Jeremiah 36 – The Reading of the Roll & Lachish

Finger Waving UpSo Lachish was kind of like a guard house in front of prison.  So who are the…

Jeremiah 36
The Reading of the Roll

1 And it came to pass in the fourth year of Jehoiakim the son of Josiah king of Judah, that this word came unto Jeremiah from the LORD, saying,

1 Scribes
Scribes played an important role in early Egypt. Only scribes and priests were taught how to read and write. They had to memorize hieroglyphic symbols. Scribes not only kept records, they also often played a supervisory role in society.

2 Take thee a roll of a book, and write therein all the words that I have spoken unto thee against Israel, and against Judah, and against all the nations, from the day I spake unto thee, from the days of Josiah, even unto this day.

3 It may be that the house of Judah will hear all the evil which I purpose to do unto them; that they may return every man from his evil way; that I may forgive their iniquity and their sin.

4 Then Jeremiah called Baruch (his scribe) the son of Neriah: and Baruch wrote from the mouth of Jeremiah all the words of the LORD, which he had spoken unto him, upon a roll of a book.

5 And Jeremiah commanded Baruch, saying, I am shut up; I cannot go into the house of the LORD:

6 Therefore go thou, and read in the roll, which thou hast written from my mouth, the words of the LORD in the ears of the people in the LORD’S house upon the fasting day: and also thou shalt read them in the ears of all Judah that come out of their cities.

2 Sumerian
Sumerian – The scribe Dudu, a votive to Ningirsu

7 It may be they will present their supplication before the LORD, and will return everyone from his evil way: for great is the anger and the fury that the LORD hath pronounced against this people.

8 And Baruch the son of Neriah did according to all that Jeremiah the prophet commanded him, reading in the book the words of the LORD in the LORD’S house.

9 And it came to pass in the fifth year of Jehoiakim the son of Josiah king of Judah, in the ninth month, that they proclaimed a fast before the LORD to all the people in Jerusalem, and to all the people that came from the cities of Judah unto Jerusalem.

10 Then read Baruch in the book the words of Jeremiah in the house of the LORD, in the chamber of Gemariah the son of Shaphan the scribe, in the higher court, at the entry of the new gate of the LORD’S house, in the ears of all the people.

11 When Michaiah the son of Gemariah, the son of Shaphan, had heard out of the book all the words of the LORD,

12 Then he went down into the king’s house, into the scribe’s chamber: and, lo, all the princes sat there, even Elishama the scribe, and Delaiah the son of Shemaiah, and Elnathan the son of Achbor, and Gemariah the son of Shaphan, and Zedekiah the son of Hananiah, and all the princes.

3 A funerary stele
A funerary stele from ancient Egypt’s Middle Kingdom. Innis believed that hieroglypics engraved in stone originally perpetuated the divine power of Egyptian kings.

13 Then Michaiah declared unto them all the words that he had heard, when Baruch read the book in the ears of the people.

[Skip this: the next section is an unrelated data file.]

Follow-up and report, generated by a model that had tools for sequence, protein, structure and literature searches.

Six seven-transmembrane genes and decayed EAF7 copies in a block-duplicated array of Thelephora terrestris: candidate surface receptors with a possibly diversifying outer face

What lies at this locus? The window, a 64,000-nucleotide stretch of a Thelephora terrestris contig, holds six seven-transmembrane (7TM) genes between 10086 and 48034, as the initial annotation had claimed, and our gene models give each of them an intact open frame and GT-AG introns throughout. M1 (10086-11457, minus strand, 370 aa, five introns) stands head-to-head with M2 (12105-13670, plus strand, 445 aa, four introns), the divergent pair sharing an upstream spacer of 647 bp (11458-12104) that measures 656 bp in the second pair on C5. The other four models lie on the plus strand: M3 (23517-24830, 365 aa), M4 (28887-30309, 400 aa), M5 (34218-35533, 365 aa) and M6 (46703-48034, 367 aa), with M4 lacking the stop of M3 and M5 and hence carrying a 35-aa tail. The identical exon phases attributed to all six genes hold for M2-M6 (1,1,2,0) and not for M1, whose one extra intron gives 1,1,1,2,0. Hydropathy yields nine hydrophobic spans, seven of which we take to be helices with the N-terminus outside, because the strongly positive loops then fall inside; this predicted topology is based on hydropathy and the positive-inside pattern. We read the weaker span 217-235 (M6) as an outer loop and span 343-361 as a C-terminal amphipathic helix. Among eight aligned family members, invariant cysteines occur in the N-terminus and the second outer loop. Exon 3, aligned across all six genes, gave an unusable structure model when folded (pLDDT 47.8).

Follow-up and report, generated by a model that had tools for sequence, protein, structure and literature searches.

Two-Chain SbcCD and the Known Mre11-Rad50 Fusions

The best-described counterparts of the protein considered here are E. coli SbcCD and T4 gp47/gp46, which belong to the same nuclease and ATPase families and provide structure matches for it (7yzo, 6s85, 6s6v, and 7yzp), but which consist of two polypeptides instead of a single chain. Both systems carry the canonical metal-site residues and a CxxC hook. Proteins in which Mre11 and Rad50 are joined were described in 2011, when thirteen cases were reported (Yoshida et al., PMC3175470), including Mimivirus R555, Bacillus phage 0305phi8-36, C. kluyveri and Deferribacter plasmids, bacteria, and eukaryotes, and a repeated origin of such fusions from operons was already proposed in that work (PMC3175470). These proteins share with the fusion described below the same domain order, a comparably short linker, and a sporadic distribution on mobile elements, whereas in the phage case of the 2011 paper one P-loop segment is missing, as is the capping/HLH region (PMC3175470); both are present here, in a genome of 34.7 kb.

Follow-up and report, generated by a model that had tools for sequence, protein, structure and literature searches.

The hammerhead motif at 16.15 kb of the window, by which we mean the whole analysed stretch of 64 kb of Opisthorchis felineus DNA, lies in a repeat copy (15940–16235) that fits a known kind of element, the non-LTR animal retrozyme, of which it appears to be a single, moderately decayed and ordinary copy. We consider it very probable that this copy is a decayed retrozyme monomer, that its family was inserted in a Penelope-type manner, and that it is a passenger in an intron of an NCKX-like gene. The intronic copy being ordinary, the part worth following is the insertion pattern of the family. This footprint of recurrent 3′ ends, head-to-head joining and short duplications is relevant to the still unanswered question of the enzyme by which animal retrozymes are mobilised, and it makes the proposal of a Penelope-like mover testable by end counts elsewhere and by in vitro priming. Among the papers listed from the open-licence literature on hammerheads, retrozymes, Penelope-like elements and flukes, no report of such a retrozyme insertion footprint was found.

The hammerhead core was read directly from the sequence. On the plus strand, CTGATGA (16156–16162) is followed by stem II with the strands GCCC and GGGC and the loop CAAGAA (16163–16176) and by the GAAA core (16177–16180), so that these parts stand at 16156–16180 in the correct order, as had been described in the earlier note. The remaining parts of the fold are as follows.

14 Therefore all the princes sent Jehudi the son of Nethaniah, the son of Shelemiah, the son of Cusi, unto Baruch, saying, Take in thine hand the roll wherein thou hast read in the ears of the people, and come. So Baruch the son of Neriah took the roll in his hand, and came unto them.

15 And they said unto him, Sit down now, and read it in our ears. So Baruch read it in their ears.

16 Now it came to pass, when they had heard all the words, they were afraid both one and other, and said unto Baruch, We will surely tell the king of all these words.

17 And they asked Baruch, saying, Tell us now, How didst thou write all these words at his mouth?

18 Then Baruch answered them, He pronounced all these words unto me with his mouth, and I wrote them with ink in the book.

“Ink” – mentioned only here in the Old Testament, but see 2 Cor 3:3; 2 Jn 12:3; 3 Jn 13.  In ancient times, ink was made from soot or lampblack mixed with gum Arabic, oil, or a metallic substance (as in the case of the Lachish ostraca).

4 Clay tablet
Clay tablet with Sumerian cuneiform script listing gods in order of seniority, 2400-2200 B.C.

19 Then said the princes unto Baruch, Go, hide thee, thou and Jeremiah; and let no man know where ye be.

20 And they went in to the king into the court, but they laid up the roll in the chamber of Elishama the scribe, and told all the words in the ears of the king.

21 So the king sent Jehudi to fetch the roll: and he took it out of Elishama the scribe’s chamber. And Jehudi read it in the ears of the king, and in the ears of all the princes which stood beside the king.

22 Now the king sat in the winterhouse in the ninth month: and there was a fire on the hearth burning before him.

23 And it came to pass, that when Jehudi had read three or four leaves, he cut it with the penknife, and cast it into the fire that was on the hearth, until all the roll was consumed in the fire that was on the hearth.

24 Yet they were not afraid, nor rent their garments, neither the king, nor any of his servants that heard all these words.

5 Akkadian cylinder seal
Akkadian cylinder seal impression, showing a battle of the gods. On the left, a pair of gods are sword-fighting; the one on the left is a scorpion god. On the right, a pair of gods are seen stabbing another god holding a trident. Circa 2340 – 2150 B.C.

25 Nevertheless Elnathan and Delaiah and Gemariah had made intercession to the king that he would not burn the roll: but he would not hear them.

26 But the king commanded Jerahmeel the son of Hammelech, and Seraiah the son of Azriel, and Shelemiah the son of Abdeel, to take Baruch the scribe and Jeremiah the prophet: but the LORD hid them.

27 Then the word of the LORD came to Jeremiah, after that the king had burned the roll, and the words which Baruch wrote at the mouth of Jeremiah, saying,

28 Take thee again another roll, and write in it all the former words that were in the first roll, which Jehoiakim the king of Judah hath burned.

29 And thou shalt say to Jehoiakim king of Judah, Thus saith the LORD; Thou hast burned this roll, saying, Why hast thou written therein, saying, The king of Babylon shall certainly come and destroy this land, and shall cause to cease from thence man and beast?